Kenyan MP seeks for­eign firm cap

Leg­is­la­tor pro­poses firms be pre­vented from bid­ding on con­tracts val­ued at up to 1-bil­lion shillings amid ‘Chi­nese in­va­sion out­cry’

Business Day - - INTERNATIONAL COMPANIES - Agency Staff

A leg­is­la­tor from Kenya’s gov­ern­ing party has pro­posed lim­it­ing for­eign in­volve­ment in pub­lic con­tracts af­ter what he said was an out­cry about an in­flux of Chi­nese busi­nesses driv­ing out lo­cal com­pa­nies.

China has be­come Kenya’s big­gest trad­ing part­ner, ac­count­ing for 17% of the an­nual trade by value, or more than $4bn, heav­ily tilted in China’s favour.

That im­bal­ance, to­gether with grow­ing Kenyan bor­row­ing from China, which is es­ti­mated at 21% of Kenya’s to­tal pub­lic debt of 2.51-tril­lion shillings ($24.67bn), has started to ruf­fle feath­ers among Kenyans. A re­cent wave of Chi­nese in­vest­ments in the coun­try’s real es­tate, re­tail and road con­struc­tion sec­tors has added to the un­ease.

“The hue and cry has been brought about by what I call the Chi­nese in­va­sion,” Ri­gathi Gach­agua, an MP from cen­tral Kenya, told Reuters by phone. He is propos­ing amend­ments to the Pub­lic Pro­cure­ment and As­set Dis­posal Act of 2015, to pre­vent for­eign com­pa­nies from bid­ding for any con­tract val­ued at up to 1-bil­lion shillings.

Gach­agua said the pro­posal is go­ing through the leg­isla­tive process and he aims to bring it to par­lia­ment for de­bate in early 2019. The pro­posal has al­ready gar­nered wide­spread sup­port in the gov­ern­ing Ju­bilee party and other par­ties, he said.

Spokes­peo­ple for Ju­bilee and Kenya’s trade min­istry did not im­me­di­ately re­turn calls and emails re­quest­ing com­ment.

The gov­ern­ment is­sued a no­tice in late Oc­to­ber to ban tilapia fish im­ports from 2019, a move widely in­ter­preted as tar­get­ing China, a ma­jor source of tilapia im­ports to Kenya.

China’s em­bassy in Nairobi de­clined to com­ment on Gach­agua’s ini­tia­tive but said it hopes the is­sue of fish im­ports will be re­solved am­i­ca­bly for the sake of the broader ties be­tween the two na­tions.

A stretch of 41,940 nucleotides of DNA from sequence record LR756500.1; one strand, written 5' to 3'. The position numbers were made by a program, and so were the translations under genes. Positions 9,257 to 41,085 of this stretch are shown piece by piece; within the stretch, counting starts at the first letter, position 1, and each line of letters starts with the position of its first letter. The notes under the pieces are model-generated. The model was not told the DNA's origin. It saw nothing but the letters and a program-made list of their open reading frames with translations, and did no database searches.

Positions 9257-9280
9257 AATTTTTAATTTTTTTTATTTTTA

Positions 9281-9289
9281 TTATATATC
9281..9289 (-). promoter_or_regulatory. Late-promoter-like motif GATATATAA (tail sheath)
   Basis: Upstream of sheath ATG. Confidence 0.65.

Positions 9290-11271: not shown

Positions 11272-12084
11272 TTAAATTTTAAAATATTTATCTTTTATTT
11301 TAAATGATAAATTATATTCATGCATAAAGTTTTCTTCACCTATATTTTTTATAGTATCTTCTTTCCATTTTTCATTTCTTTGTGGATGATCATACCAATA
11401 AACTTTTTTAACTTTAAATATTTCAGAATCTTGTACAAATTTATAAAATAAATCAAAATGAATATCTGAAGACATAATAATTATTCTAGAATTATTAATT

“As a strate­gic part­ner of Kenya, China will not be en­gaged in a trade war with Kenya, or even as­so­ciate the is­sue of fish im­port with other co-op­er­a­tive projects,” the em­bassy said in a state­ment.

Like other African na­tions, Kenya has turned to China over the past few years for funds, tech­nol­ogy and equip­ment to de­velop its in­fra­struc­ture, in­clud­ing its big­gest project since in­de­pen­dence: a $3.2bn rail­way link­ing Mom­basa to Nairobi, which was opened in 2017. The grow­ing re­liance on Chi­nese fi­nance has caused anger among many Kenyans, with crit­ics say­ing it places an un­bear­able debt bur­den on fu­ture gen­er­a­tions.

Gach­agua said that China is us­ing its po­si­tion as a lender to give its com­pa­nies an un­fair ad­van­tage over their lo­cal coun­ter­parts when it comes to com­pet­ing for con­tracts.

“They have taken all the busi­nesses and they are also buy­ing all the goods from China,” he said.

KENYAN BOR­ROW­ING FROM CHINA, WHICH IS ES­TI­MATED AT 21% OF KENYA’S TO­TAL PUB­LIC DEBT, HAS STARTED TO RUF­FLE FEATH­ERS

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